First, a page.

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Nevertheless, the fact that there are within the State considerable numbers of persons of foreign descent, grouped for the most part in settlements more or less clearly differentiated by language or racial characteristics, inevitably creates special difficulties for the schools. Not only the common schools, but the higher institutions of learning as well, must adapt themselves to the special conditions that exist, if they are to render their full service to the State.
The character of the foreign-born population is shown by the fact that more than one-half of the farm operators are foreign-born, although only 27.1 per cent of the total population are foreign-born. TABLE 1.-Racial composition of population, 1910.
Country of birth.
Native-born white, one or both parents foreign.
From Norway, Sweden, Denmark..
From Austria, Germany, Hungary..
From England, Scotland, Ireland, Wales..
Chinese, Japanese, Negroes, Indians..
Under 5 years. 5 to 14 years. 15 to 24 years.
25 to 44 years. 45 to 64 years.
65 years and over.
AGE DISTRIBUTION OF POPULATION.
According to the United States census figures for 1910, Table 2, presented graphically in Figure 2, the population of North Dakota contains slightly more than average proportions in the age groups under 25 years, and slightly less than the average in the groups above this age. Comparing North Dakota in this respect with the neighboring agricultural States of South Dakota, Nebraska, and Iowa, it appears that North Dakota contains slightly larger proportions in the age groups under 45 years, and slightly smaller proportions in the groups above this age. (See Figure 3.)
There are apparently no special conditions as regards the age composition of the population which affect the educational problems of the State.
TABLE 2.-Age distribution of total population, 1910.
Average for United States.
South Dakota, Nebraska, and lows combined.
Per cent. 11.6 21.0
Dakota, but to the fact that the immigration from other States has small percentage of illiteracy is due not only to the schools of North less in both classes than the average for the United States. This
AGE DISTRIBUTION OF TOTAL POPULATION: 1910
NORTH DAKOTA COMPARED WITH U.S.
0 PERCENT O
SCHOOL ATTENDANCE AND ILLITERACY.
per cent; in the foreign-born white population, 1.7 per cent, much The percentage of illiteracy in the native white population is 1.5
The population of North Dakota contains slightly more than average proportions in the age groups under 25 years, and slightly less than the average in the groups above this age.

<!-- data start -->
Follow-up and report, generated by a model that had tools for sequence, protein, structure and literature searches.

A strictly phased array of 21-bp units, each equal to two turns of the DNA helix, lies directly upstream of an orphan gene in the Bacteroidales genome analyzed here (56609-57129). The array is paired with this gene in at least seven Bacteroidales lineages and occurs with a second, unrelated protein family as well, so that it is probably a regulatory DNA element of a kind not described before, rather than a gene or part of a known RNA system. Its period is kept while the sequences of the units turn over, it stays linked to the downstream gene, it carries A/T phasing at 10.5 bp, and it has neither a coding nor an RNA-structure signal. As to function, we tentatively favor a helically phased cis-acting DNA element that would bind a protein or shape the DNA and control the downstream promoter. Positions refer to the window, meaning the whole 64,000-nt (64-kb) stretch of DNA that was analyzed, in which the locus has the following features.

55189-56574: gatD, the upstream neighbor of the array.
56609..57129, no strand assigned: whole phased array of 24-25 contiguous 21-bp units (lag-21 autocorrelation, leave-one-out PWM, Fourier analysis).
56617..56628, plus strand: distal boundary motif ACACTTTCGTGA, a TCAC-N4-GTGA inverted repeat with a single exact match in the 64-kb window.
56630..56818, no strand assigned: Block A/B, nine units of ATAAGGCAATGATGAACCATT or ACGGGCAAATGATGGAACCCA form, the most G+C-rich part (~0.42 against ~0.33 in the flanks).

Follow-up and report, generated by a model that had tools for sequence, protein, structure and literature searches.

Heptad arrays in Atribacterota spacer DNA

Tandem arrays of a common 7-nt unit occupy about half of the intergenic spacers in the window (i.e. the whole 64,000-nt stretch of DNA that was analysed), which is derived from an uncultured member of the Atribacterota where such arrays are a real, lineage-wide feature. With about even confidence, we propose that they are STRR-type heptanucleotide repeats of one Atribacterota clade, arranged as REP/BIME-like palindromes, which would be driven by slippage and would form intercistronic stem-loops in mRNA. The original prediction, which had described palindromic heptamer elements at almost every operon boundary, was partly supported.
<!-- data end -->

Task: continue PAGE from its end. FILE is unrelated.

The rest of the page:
ing illiteracy. also the effectiveness of the elementary schools of the State in reducages of 10 and 20 were reported as illiterate in 1910. This shows sal. Only 1.7 per cent of the population of all classes between the
AGE DISTRIBUTION OF TOTAL POPULATION: 1910 NORTH DAKOTA COMPARED WITH SOUTH DAKOTA, NEBRASKA, & IOWA
SOUTH DAKOTA, NEBR., IOWA
The population of North Dakota contains slightly larger proportions in the age groups under 45 years, and slightly
States in which elementary education, at least, is practically univerwhile the foreign immigration has been very largely from European been mostly from those with good school systems of long standing,
Of urban children from 6 to 14 years of age, 84.2 per cent attended school; of urban children from 15 to 20 years, 43.1 per cent. rural children from 6 to 14 years, 80.4 per cent, and of rural children from 15 to 20 years, 37.7 per cent. (See Table 3.)
In 1910, of all children from 6 to 9 years old, 70.6 per cent attended schools; from 10 to 14 years, 90 per cent; from 15 to 17 years, 57.4 per cent; from 18 to 20 years, 17.4 per cent.
In North Dakota 85 per cent of farms and 83 per cent of farm acreage are operated by the owners.
TABLE 3.-Percentages of children of specified ages in North Dakota reported as attending school, 1910.
In 1910 less than 5 per cent of the farms contained less than 100 acres each, and only 20.2 per cent contained more than 500 acres.
FARMING AND OTHER INDUSTRIES.
The nature of the farming in North Dakota is indicated by the following facts from the census of 1910:
Of the whole number of farms, 85 per cent are operated by their owners, 14.3 per cent by tenants, 0.7 per cent by managers. (See Table 4 and Figure 4.)